19F NMR/MRI probe is expected to be a powerful tool for selective sensing of biologically active agents owing to its high sensitivity and no background signals in live bodies. We have recently reported a unique supramolecular strategy for specific protein detection using a protein ligand-tethered self-assembling 19F probe. This method is based on a recognition-driven disassembly of the nanoprobes, which induced a clear turn-on signal of 19F NMR/MRI. In the present study, we conducted a systematic investigation of the relationship between structure and properties of the probe to elucidate the mechanism of this turn-on 19F NMR sensing in detail. Newly synthesized 19F probes showed three distinct behaviors in response to the target protein: off/on, always-on, and always-off modes. We clearly demonstrated that these differences in protein response could be explained by differences in the stability of the probe aggregates and that "moderate stability" of the aggregates produced an ideal turn-on response in protein detection. We also successfully controlled the aggregate stability by changing the hydrophobicity/hydrophilicity balance of the probes. The detailed understanding of the detection mechanism allowed us to rationally design a turn-on 19F NMR probe with improved sensitivity, giving a higher image intensity for the target protein in 19F MRI.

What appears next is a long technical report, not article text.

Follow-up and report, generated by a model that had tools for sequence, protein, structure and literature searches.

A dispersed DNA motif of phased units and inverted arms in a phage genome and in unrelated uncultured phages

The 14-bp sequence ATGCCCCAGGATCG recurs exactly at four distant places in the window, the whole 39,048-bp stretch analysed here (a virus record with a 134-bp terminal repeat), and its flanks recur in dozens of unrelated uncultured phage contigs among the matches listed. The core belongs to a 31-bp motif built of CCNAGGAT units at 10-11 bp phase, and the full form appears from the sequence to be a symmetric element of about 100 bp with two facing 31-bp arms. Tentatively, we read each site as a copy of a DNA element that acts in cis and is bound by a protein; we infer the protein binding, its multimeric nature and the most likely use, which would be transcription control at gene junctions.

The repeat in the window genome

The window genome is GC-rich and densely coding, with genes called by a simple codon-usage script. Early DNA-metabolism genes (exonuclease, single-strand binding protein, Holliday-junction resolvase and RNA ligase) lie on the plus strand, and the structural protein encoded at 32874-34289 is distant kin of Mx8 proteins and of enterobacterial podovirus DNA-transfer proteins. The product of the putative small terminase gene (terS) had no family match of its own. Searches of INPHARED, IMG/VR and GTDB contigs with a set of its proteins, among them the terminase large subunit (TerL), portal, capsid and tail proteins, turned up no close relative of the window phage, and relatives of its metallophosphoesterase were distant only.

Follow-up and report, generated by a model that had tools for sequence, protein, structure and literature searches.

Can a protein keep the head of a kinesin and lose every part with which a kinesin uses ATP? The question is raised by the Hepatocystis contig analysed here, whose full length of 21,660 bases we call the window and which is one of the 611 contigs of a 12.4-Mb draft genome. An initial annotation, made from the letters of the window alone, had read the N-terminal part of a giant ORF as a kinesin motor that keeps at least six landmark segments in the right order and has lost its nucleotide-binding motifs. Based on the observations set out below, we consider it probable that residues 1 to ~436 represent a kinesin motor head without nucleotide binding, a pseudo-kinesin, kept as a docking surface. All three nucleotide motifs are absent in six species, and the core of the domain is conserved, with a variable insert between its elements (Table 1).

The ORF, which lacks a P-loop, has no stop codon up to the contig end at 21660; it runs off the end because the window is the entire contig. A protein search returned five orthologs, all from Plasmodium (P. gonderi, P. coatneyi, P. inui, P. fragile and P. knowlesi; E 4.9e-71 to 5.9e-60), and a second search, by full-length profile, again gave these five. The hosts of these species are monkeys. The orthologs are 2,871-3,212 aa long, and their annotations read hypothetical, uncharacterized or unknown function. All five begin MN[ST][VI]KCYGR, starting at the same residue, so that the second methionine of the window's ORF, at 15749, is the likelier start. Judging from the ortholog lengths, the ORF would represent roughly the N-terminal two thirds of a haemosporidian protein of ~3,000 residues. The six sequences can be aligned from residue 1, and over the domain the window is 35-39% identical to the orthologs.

ASJC Scopus subject areas
- Colloid and Surface Chemistry